Let it be assumed that the current time is instant T[i]: picture P[i] is just about to be encoded and, consequently, just about to be written into the output buffer of the encoder. This implies that any instant later than T[i] is the future. It has already been mentioned that any encoded picture which is written into the output buffer will be read from the input buffer after a delay ΔTeed. Consequently, the future of curve C can exactly be predicted within a time interval which extends ΔTeed from the current time. It solely depends on the future of curve B within the same time interval whether there will be underflow or overflow, or neither of those two. The future of curve B is defined by a bit rate profile for the MPEG data stream. The bit rate profile is determined by the joint bit-rate controller as explained hereinbefore with reference to FIG. 5.

FIG. 7 illustrates a method of calculating a minimum new bit rate and a maximum new bit rate for an encoder in the FIG. 3 video encoder assembly. The calculation applies for a bit-rate switch at a future instant T[i]+ΔTsw, with ΔTsw being comprised between 0 and ΔTeed. FIG. 7 is a graph which recaptures the features of the graph illustrated in FIG. 6. For the sake of simplicity, it is assumed that the bit rate is substantially constant and equal to R1 until T[i]+ΔTsw. The amount of data below which the input buffer will underflow is supposed to be zero. The amount of data beyond which the input buffer will overflow is supposed to be OVR. The graph illustrated in FIG. 7 comprises a curve C+ which is curve C lifted by an amount equal to OVR.

Curve B is extended with two slopes: Rmin and Rmax. Slope Rmin indicates the minimum new bit rate below which underflow will occur. Slope Rmin touches one point of curve C only. If slope Rmin were less steep, underflow would occur. Slope Rmax indicates the maximum new bit rate beyond which overflow will occur. Slope Rmax touches one point of curve C+ only. If slope Rmax were steeper, overflow would occur.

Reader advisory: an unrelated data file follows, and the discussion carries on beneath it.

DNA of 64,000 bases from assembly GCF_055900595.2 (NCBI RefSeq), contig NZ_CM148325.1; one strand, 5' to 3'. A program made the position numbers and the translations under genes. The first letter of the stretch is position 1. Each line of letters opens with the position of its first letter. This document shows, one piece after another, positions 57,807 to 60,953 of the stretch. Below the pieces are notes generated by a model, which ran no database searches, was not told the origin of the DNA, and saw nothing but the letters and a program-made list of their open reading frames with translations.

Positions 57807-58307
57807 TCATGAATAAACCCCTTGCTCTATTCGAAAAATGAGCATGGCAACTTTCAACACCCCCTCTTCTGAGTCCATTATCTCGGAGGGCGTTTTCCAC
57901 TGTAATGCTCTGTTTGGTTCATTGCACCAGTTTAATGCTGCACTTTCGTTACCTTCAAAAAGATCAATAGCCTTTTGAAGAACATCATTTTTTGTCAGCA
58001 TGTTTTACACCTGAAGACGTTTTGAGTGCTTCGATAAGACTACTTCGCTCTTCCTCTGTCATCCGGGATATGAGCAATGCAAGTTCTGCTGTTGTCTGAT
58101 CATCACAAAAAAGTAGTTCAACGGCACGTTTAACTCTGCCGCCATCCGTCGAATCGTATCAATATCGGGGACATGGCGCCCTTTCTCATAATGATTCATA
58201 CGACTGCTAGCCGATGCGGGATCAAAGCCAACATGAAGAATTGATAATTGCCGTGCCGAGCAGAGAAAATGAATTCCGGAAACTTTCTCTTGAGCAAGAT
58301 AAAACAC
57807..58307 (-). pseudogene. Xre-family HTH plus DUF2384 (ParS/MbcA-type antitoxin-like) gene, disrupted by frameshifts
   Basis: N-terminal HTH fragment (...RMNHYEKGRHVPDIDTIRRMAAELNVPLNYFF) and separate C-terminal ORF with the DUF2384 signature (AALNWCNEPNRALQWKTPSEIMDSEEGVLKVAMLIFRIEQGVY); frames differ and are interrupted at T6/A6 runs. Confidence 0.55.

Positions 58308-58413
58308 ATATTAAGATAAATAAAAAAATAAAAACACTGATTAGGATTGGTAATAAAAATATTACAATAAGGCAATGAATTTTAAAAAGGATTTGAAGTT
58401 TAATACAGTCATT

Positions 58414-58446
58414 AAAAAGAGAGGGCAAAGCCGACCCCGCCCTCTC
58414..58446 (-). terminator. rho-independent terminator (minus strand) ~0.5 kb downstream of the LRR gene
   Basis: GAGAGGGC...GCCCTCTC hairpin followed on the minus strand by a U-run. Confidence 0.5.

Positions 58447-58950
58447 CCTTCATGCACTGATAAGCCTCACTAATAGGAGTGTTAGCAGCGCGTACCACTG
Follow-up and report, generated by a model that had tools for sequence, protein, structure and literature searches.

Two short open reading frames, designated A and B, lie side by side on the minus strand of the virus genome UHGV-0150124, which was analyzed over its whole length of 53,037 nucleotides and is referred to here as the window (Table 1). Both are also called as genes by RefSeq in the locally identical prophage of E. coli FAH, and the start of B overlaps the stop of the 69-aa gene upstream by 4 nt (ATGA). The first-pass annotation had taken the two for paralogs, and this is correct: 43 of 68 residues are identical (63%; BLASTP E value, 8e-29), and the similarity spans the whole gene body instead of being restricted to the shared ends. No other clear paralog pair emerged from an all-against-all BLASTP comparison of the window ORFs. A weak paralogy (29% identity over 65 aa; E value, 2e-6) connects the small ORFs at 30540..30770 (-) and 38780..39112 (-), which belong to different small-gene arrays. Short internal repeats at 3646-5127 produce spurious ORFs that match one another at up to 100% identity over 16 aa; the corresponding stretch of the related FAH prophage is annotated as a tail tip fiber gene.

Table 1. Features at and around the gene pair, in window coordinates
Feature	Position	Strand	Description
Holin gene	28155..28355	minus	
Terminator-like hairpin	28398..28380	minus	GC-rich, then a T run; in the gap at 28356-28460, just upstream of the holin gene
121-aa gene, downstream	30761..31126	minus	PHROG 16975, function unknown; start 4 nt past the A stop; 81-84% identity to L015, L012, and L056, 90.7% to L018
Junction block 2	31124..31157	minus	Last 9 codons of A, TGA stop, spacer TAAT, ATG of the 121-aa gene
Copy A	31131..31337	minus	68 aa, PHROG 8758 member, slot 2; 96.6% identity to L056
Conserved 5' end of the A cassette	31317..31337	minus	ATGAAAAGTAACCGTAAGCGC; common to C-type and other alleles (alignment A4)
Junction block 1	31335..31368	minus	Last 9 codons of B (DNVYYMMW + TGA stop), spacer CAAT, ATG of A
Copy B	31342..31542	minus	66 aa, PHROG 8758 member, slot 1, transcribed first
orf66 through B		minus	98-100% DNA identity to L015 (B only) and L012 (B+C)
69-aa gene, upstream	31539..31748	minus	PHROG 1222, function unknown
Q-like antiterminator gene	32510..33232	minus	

The joint bit-rate controller can calculate curve C and C+ for each encoder on the basis of messages provided by the encoder. A message may, for example, indicate the amount of encoded data contained in an encoded picture and the instant when the encoded picture will be read from the input buffer of the hypothetical decoder. The joint bit-rate controller can also calculate curve B until the instant T[i]+ΔTsw on the basis of the bit-rate profile of the encoder. The bit-rate profile is determined by the joint-bit rate controller itself. Thus, for calculation of curve B, it is sufficient that the joint-bit rate controller memorizes the bit-rate control messages it has supplied to the encoder in a recent past. Once curve C and C+ have been calculated for the time interval between T[i] and T[i]+ΔTeed, and curve B has been calculated for the time interval between T[i] and T[i]+ΔTsw, the joint bit rate controller can calculate the minimum and maximum new bit rate which may be applied at the switch time T[i]+ΔTsw.

FIG. 8 illustrates an example of a method of quantization parameter control in the encoder illustrated in FIG. 4. The method comprises a plurality of steps S1-S9 which are carried out for each picture P. The steps S1-S9 may also be carried out for each slice in the picture P. It is assumed that the encoder operates in the single pass mode described hereinbefore. It should be noted that, in MPEG, there are three different types of encoding a picture: an I-type encoding, a P-type encoding and a B-type encoding. A picture which undergoes an I-type, P-type or B-type encoding will be referred to as a type I, P or B picture, respectively.